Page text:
The big news out of Washington this week is house Democrats unveiling of two articles of impeachment against President Donald Trump, charging him with abuse of power and obstruction of Congress surrounding his dealings with Ukraine and conduct during the subsequent investigation.
As the inquiry continues, members of Louisiana's congressional delegation on key committees and in leadership roles are positioned to influence these historic proceedings.
Here to discuss is Elizabeth Crisp, Washington Correspondent for The Advocate.
Q: So let's just start with review of all the Louisiana Congressman on committees that have held impeachment hearings so far. Who are they?
So first we have a Rep. Clay Higgins, who is from the Acadiana area. He was the only member of the Louisiana delegation who was on the investigative committees that started out the hearings behind closed doors. And now that the impeachment inquiry has moved out to the main judiciary committee, Louisiana is actually in an interesting position of having one Democrat and one Republican-- that's Cedric Richmond from New Orleans and Mike Johnson from the Shreveport area.
Q: And that House Judiciary committee has been at the center of attention since it's held the most recent public hearings. They could vote on articles of impeachment as early as this week. Both Richmond and Johnson have been in the mix there.
Here's representative Mike Johnson on Monday:
"This is not due process. This is not the rule of law. And this is not how to impeach an American President... and the people can see clearly that this is a sham."
Q: Johnson in particular has emerged as a key figure on that committee. Tell us a little bit about his background and how he's put that to use.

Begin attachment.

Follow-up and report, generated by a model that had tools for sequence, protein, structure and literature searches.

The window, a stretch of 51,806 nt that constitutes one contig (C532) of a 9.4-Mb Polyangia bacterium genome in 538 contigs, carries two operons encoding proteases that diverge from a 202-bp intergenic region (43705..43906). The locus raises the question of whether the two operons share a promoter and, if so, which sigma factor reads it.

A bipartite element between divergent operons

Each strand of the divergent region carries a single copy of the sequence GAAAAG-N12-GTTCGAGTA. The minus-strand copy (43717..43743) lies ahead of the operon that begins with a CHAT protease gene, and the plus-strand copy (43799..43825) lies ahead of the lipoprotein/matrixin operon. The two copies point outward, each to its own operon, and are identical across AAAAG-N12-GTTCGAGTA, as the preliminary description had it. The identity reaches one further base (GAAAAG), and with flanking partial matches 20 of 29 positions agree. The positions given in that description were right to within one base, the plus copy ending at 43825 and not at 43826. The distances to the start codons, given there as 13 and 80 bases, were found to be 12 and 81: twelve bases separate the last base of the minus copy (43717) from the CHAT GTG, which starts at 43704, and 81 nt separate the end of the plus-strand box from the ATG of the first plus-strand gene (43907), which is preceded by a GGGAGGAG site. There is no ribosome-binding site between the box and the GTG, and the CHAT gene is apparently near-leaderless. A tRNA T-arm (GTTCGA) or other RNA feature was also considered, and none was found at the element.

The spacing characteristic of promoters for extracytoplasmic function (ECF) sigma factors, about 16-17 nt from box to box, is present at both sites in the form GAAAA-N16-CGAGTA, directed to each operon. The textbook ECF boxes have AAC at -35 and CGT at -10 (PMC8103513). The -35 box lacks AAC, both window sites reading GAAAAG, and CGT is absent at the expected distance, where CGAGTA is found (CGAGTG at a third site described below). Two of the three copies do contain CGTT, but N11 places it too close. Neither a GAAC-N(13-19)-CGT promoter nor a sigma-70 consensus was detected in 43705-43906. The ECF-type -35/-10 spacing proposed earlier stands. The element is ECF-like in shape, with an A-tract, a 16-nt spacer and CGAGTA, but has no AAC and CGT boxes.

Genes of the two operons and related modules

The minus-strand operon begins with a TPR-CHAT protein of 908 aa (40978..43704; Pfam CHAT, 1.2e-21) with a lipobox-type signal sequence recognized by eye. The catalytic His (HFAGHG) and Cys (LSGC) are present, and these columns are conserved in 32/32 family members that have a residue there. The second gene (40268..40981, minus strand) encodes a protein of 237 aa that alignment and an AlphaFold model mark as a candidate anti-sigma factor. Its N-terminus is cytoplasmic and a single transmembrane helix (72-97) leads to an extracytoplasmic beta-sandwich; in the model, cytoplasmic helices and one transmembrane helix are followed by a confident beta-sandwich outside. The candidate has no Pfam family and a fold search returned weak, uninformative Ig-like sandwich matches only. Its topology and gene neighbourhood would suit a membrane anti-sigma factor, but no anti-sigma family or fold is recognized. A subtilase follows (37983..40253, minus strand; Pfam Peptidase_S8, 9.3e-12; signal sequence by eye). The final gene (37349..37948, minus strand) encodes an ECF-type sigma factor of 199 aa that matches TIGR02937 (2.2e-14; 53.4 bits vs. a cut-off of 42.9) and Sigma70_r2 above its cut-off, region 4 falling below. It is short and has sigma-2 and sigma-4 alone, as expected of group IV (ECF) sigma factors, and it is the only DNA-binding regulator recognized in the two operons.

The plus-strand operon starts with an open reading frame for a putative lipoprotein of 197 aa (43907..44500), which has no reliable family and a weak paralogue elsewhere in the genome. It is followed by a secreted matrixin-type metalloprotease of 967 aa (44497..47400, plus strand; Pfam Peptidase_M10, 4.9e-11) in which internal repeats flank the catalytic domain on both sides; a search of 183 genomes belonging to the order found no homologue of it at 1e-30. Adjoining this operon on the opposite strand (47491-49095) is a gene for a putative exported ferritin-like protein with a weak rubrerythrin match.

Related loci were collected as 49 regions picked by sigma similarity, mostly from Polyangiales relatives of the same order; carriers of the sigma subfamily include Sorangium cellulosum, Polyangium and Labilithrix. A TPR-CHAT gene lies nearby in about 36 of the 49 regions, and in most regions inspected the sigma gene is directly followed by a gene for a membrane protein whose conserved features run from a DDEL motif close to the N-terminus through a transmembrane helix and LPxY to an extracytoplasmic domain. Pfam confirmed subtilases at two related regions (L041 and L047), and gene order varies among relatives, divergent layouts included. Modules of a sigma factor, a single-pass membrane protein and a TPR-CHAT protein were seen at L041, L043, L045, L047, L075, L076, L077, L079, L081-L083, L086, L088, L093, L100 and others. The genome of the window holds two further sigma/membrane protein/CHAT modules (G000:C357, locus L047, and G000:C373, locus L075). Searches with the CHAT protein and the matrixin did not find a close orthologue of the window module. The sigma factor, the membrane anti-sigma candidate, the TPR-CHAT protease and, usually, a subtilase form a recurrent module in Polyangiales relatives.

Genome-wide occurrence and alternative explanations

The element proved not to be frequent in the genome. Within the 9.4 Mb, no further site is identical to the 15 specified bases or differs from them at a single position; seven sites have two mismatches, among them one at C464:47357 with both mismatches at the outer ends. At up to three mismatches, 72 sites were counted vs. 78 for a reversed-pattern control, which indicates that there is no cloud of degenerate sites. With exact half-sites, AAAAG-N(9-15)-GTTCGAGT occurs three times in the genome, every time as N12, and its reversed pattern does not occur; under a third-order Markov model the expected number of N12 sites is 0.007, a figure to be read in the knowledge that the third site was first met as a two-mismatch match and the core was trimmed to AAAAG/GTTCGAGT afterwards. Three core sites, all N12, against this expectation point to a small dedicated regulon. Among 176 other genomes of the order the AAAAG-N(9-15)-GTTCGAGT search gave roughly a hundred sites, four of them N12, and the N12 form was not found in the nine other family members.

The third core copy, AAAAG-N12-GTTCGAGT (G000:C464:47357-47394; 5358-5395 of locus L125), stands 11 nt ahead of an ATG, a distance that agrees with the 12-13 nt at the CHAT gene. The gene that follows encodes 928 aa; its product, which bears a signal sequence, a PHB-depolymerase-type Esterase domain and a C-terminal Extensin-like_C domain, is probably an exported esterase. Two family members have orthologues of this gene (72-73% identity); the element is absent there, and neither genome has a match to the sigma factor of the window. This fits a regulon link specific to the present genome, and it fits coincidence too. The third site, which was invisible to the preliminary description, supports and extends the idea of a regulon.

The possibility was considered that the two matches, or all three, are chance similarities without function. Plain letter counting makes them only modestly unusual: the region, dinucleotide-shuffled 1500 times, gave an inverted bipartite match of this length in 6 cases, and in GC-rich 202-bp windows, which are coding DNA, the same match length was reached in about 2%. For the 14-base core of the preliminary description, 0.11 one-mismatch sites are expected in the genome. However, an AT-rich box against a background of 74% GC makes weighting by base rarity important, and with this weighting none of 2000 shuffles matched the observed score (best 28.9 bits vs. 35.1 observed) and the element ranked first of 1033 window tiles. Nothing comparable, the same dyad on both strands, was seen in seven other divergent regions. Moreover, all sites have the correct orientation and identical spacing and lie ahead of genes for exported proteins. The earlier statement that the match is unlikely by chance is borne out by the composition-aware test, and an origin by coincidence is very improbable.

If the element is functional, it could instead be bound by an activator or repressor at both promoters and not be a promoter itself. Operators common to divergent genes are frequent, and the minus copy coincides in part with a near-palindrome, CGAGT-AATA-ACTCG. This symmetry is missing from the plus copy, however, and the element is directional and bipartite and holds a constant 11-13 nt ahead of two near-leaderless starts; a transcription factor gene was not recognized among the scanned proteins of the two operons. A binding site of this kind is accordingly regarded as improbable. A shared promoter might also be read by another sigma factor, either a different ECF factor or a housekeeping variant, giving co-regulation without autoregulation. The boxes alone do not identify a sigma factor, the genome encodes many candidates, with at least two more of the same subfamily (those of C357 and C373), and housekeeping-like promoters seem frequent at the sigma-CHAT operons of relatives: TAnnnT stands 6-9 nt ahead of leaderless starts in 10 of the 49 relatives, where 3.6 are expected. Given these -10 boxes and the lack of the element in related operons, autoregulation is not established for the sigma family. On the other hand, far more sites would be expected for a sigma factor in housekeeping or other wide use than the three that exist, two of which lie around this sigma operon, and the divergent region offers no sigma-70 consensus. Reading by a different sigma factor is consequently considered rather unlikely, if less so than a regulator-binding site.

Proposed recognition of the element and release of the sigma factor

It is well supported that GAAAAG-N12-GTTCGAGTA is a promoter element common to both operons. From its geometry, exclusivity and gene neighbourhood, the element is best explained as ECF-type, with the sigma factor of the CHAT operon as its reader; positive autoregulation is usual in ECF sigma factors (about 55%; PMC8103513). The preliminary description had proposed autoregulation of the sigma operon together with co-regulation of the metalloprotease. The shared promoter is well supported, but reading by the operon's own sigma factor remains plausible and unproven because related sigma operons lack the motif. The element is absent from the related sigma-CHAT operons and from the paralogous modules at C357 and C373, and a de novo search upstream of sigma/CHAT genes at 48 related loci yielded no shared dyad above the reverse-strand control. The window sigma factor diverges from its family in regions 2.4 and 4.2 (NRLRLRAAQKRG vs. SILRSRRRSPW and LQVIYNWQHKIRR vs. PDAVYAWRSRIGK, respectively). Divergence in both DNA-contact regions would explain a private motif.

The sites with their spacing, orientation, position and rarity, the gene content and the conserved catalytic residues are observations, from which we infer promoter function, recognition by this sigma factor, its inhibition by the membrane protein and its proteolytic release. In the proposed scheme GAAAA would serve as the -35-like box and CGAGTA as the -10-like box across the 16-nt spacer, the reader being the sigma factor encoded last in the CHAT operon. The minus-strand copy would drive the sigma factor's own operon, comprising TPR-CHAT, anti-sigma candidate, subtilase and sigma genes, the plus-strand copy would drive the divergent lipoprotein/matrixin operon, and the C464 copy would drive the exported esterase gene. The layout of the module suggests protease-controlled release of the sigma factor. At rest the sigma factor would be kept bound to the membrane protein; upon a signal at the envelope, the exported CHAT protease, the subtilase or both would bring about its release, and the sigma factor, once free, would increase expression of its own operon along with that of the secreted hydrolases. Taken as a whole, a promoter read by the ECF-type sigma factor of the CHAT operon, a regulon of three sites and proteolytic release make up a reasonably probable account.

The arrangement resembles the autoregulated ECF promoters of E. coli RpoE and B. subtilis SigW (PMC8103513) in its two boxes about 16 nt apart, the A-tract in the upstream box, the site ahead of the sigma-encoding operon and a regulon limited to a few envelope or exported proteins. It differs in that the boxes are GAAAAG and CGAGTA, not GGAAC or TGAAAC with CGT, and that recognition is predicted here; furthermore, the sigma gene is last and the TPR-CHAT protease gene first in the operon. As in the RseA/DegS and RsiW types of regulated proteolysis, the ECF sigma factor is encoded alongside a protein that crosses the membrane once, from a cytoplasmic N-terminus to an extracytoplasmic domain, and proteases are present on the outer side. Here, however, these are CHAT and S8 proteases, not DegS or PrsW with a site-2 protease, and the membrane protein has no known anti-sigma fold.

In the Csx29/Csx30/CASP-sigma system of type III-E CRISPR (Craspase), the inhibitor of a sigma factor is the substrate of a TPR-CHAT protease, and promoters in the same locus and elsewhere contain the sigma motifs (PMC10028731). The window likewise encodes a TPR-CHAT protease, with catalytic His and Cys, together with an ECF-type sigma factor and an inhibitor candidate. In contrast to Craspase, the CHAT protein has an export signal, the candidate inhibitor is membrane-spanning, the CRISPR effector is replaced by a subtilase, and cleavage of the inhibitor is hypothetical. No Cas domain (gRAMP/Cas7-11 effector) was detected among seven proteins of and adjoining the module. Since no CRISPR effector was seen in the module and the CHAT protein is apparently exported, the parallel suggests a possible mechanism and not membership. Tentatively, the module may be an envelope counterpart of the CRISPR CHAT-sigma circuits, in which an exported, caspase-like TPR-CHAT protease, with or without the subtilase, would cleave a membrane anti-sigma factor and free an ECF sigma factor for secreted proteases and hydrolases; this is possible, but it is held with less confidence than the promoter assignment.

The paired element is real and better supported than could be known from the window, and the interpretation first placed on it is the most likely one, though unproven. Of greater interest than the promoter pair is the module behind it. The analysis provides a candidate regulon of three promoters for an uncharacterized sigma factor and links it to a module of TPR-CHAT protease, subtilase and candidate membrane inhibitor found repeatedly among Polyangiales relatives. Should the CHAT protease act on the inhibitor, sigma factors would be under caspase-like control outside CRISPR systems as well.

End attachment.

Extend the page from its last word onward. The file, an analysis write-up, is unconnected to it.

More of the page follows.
Congressman Johnson actually did practice constitutional law for about two decades. He's really worked to try to challenge the process and what it was that our founding fathers meant when they created it an impeachment process.
Richmond has taken a completely different approach to all of this. He's kind of working with the other members of his party. They've decided to kind of piecemeal this out a little bit and each one kind of focuses on a certain area. It seems like it's a very structured approach on that side where as the Republican side is a little bit more about being chaotic.
Q: Now for the highest ranking member of the Louisiana delegation House Minority Whip Steve Scalise. He isn't on any of the relevant committees, but is a prominent figure at the Capitol. What is he saying about this most recent development in the impeachment saga?
Congressman Scalise has been pretty consistently aligned with the president. He doesn't believe that there's anything to this. He constantly points to what we know is an edited transcript, but it was the transcript that was released by the white house. And I don't know that there's really much that could be said in these hearings that's actually going to change his mind.
Q: And finally the folks we didn't mention Rep. Garret Graves and Ralph Abraham aren't on any of the relevant committees either, but would have a vote on articles of impeachment if they make their way to the House floor. Bill Cassidy is in a similar position, but on the Senate side. He would vote whether or not to convict in an impeachment trial. Also, Senator John Kennedy is in the Senate Judiciary Committee. He would see articles of impeachment first if they crossed over from the House. All of those guys are Republicans. Is there any reason to believe they'll break from the party line?
Oh no. I would say that they havedefinitely been vocal supporters of the president, especially Congressman Abraham.